How China Rules (1) – Maintaining stability by manipulating ethnic differences

(Original text in Chinese by Chenglap without heading)

The People’s Republic of China is not a nation-state. The way she runs is different from a nation-state. The People’s Republic of China is an EMPIRE, same as the nature of the Russian Empire and the British Empire.

Whether the rising middle class can bargain for political power is very much conditioned by the nature of the country. Only a small country with high level of homogeneity will become a middle class dependent economy, which increased the power of bargain by such class. In these countries, prior to the era of democracy, the concept of civil rights has already been widespread among citizens. Before entering the age of democracy, the age of enlightenment is already in blossom.

Consider the case of an empire. The level of homogeneity of the middle class in an empire is much lower. In that case, there is no “middle class” – of course, there are many middle-income-class citizens, but they had no acquaintance to each other, nor do they share any common values. These kinds of middle-income-class citizens, in many cases, are only the servants of the privileged class. These citizens cannot form any class or bargaining power.

The advantage of an empire lays on its vastness in landmass. In a nation-state, a single nation-wide uprising can paralyze the economy and administration easily. The paralysis can force the government to cede in. In the case of an empire, even in a situation of nation-wide uprising, there will be some regions free from the paralysis, thanks to the vastness of the empire. In such case, the administration can rely on the resources from these regions to maintain its governance. With the resources from these regions, the empire administration can have a free hand to send armies from these regions, whose soldiers grew up under different cultures and even speak different languages, to suppress the uprisings. Due to the vastness of an empire, the middle class could never match the power of the administration, no matter how hard they struggle.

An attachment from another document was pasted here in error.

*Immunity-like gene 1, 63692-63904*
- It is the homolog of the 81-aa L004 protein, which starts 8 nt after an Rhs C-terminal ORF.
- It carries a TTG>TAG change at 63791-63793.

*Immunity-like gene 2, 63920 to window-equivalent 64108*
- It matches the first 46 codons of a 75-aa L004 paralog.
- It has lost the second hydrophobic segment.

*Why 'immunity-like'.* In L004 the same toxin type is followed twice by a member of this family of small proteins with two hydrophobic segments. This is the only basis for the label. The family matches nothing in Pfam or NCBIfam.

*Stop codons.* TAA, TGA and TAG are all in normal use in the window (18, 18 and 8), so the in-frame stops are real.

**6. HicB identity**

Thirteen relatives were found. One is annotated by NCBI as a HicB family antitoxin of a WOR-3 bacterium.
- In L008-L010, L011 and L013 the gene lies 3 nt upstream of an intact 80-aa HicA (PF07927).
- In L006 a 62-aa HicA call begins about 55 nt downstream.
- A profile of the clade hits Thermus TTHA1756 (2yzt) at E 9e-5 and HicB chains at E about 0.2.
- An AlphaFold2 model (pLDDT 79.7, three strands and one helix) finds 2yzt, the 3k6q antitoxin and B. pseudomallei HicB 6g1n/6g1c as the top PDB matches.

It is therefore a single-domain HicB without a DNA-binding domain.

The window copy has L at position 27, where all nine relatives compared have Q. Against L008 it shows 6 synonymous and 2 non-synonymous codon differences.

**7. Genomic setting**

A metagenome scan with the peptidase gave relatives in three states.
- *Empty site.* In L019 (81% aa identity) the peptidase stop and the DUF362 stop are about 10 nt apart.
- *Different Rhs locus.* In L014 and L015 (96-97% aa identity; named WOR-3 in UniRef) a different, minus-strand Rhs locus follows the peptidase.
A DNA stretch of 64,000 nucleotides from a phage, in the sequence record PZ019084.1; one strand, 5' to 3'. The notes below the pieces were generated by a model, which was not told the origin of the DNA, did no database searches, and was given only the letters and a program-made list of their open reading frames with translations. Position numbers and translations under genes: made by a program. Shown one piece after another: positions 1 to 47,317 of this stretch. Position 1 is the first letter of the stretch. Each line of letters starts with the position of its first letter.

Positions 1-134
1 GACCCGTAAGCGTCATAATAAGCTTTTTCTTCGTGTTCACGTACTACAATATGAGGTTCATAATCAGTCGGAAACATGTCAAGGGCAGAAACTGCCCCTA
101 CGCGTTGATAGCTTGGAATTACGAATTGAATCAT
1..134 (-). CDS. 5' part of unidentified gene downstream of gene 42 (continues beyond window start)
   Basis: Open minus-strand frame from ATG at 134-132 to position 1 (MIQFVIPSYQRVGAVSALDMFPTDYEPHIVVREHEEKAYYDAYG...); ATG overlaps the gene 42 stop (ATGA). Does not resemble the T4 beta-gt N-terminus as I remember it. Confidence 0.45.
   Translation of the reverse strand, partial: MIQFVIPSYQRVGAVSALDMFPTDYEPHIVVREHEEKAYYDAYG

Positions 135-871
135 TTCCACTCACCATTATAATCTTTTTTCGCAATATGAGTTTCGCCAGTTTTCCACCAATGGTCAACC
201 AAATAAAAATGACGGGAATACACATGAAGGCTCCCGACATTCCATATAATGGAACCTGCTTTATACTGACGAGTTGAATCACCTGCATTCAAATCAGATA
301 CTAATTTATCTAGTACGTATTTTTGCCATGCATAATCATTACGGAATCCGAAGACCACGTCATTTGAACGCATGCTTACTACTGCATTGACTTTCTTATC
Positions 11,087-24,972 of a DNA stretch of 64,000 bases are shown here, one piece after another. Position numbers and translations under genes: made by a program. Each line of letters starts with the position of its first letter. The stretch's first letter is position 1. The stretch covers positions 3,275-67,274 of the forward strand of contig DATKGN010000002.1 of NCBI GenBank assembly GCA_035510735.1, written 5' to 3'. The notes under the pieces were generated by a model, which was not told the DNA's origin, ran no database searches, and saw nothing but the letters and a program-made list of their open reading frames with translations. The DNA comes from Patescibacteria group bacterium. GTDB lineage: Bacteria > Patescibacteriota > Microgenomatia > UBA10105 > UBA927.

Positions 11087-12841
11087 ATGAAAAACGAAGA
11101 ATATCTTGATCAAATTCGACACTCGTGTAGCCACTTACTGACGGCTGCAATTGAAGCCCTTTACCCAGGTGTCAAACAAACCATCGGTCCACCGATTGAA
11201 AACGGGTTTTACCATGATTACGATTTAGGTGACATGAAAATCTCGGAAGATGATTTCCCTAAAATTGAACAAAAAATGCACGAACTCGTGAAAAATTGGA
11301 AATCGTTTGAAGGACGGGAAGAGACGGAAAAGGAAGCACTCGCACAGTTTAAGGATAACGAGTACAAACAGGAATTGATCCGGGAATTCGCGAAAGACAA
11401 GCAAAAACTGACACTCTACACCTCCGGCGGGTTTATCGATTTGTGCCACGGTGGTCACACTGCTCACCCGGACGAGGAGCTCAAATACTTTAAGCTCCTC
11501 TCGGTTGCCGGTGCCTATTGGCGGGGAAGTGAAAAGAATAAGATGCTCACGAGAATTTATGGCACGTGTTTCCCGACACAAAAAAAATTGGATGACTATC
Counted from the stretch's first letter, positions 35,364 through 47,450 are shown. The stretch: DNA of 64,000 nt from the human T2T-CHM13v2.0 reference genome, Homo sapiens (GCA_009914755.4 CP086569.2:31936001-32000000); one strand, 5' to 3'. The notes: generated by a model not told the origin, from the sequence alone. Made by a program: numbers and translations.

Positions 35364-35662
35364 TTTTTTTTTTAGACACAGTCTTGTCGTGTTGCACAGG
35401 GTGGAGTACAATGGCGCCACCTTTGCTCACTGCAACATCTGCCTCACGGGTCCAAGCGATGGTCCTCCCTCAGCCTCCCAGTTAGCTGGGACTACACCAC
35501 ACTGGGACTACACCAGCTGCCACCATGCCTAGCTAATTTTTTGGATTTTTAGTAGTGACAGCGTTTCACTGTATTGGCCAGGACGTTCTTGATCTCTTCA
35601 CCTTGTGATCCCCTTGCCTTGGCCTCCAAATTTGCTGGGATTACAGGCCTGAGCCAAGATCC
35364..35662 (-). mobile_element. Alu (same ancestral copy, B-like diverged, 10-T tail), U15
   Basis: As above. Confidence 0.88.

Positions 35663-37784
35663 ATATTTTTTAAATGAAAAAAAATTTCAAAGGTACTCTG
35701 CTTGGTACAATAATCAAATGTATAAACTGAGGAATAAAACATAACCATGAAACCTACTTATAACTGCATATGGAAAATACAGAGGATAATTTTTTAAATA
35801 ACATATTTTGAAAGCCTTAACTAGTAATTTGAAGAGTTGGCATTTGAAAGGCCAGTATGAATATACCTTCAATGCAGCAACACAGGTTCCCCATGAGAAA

Why reforming an empire is so difficult? It is due to heterogeneity among regions. In a large empire, there are always some of the regions are more advanced, some of them always remain backward comparatively. Those backward regions, in many cases, are the firmest loyalist to the empire against any reforms. The regions in the periphery of the empire are usually the ones facing the most difficult environment and the most formidable enemies. These regions therefore rely on the protection of the empire against their enemies. Therefore, whenever they smell any changes brewing within the empire interior, they are usually the first against them.

So when you speak of middle class, you need to consider the middle class of where? Is the rise of middle case in Guangdong powerful enough to push on the process of democratization in Beijing? History has proved, the rise of middle class in Beijing did stop the People’s Liberation Army in Beijing from suppressing the middle class there, but it made no hindrance to the Army from Sichuan for Tiananmen Crackdown.

Maybe today Army from Sichuan can’t do the job. But if Tiananmen Protest happened once again, an Army from Xinjiang could do the crackdown job no worse. They may doubt the rightfulness in massacring the civilians, but once they compare the risk of overthrow of the empire and Xinjiang’s subsequent loss of empire support, massacring civilians seems trivial.

Empire rules by manipulating the conflicts amongst its different regions.

There is only “One World” in a nation-state, while there are “Multiple Worlds” in an empire. The People’s Republic of China consisted not of “One World”, but “Multiple Worlds”. In the universe of multiple worlds, even in the era of Internet, the middle class in different worlds cannot join together to form a united power. To dissolve the establishment by the force of rising middle class is just impossible. Every empire in history endures a long process of decline and fall. In the cases where the reforms succeeded, the empires were usually under a condition of breakup or cessions with little lands remain.

In the process of cessions, the share of power of the middle class in the empire increase, while the resources from where the empire can draw diminish. Empire is never belonged to its subjects. An empire rules by its prestige. The source of prestige comes from the unshakable economic and military power, worshipped by its subjects. Therefore, to shake the empire, first is to shake its subjects’ confidence on those powers. Just like how the Hong Kongers perceive the British – we don’t like them very much, but anyway, we trust those guys’ power to protect us, so we find them less hateful.

So here is only way to shake the Communist China – let her fight an external war which deemed to loss. Even she losses no land, she can hardly recover from the damage of prestige. An empire is not a nation-state. A nation-state can lose many wars, but not an empire.

The subjects always overestimate the political and economic power of their empire. It remains a myth unless being challenged. The empire can continue its rule with the myth.

Simply speaking, if the 21st century is a peaceful century, one party dictatorship will not collapse. So do you think this century will be a peaceful one?

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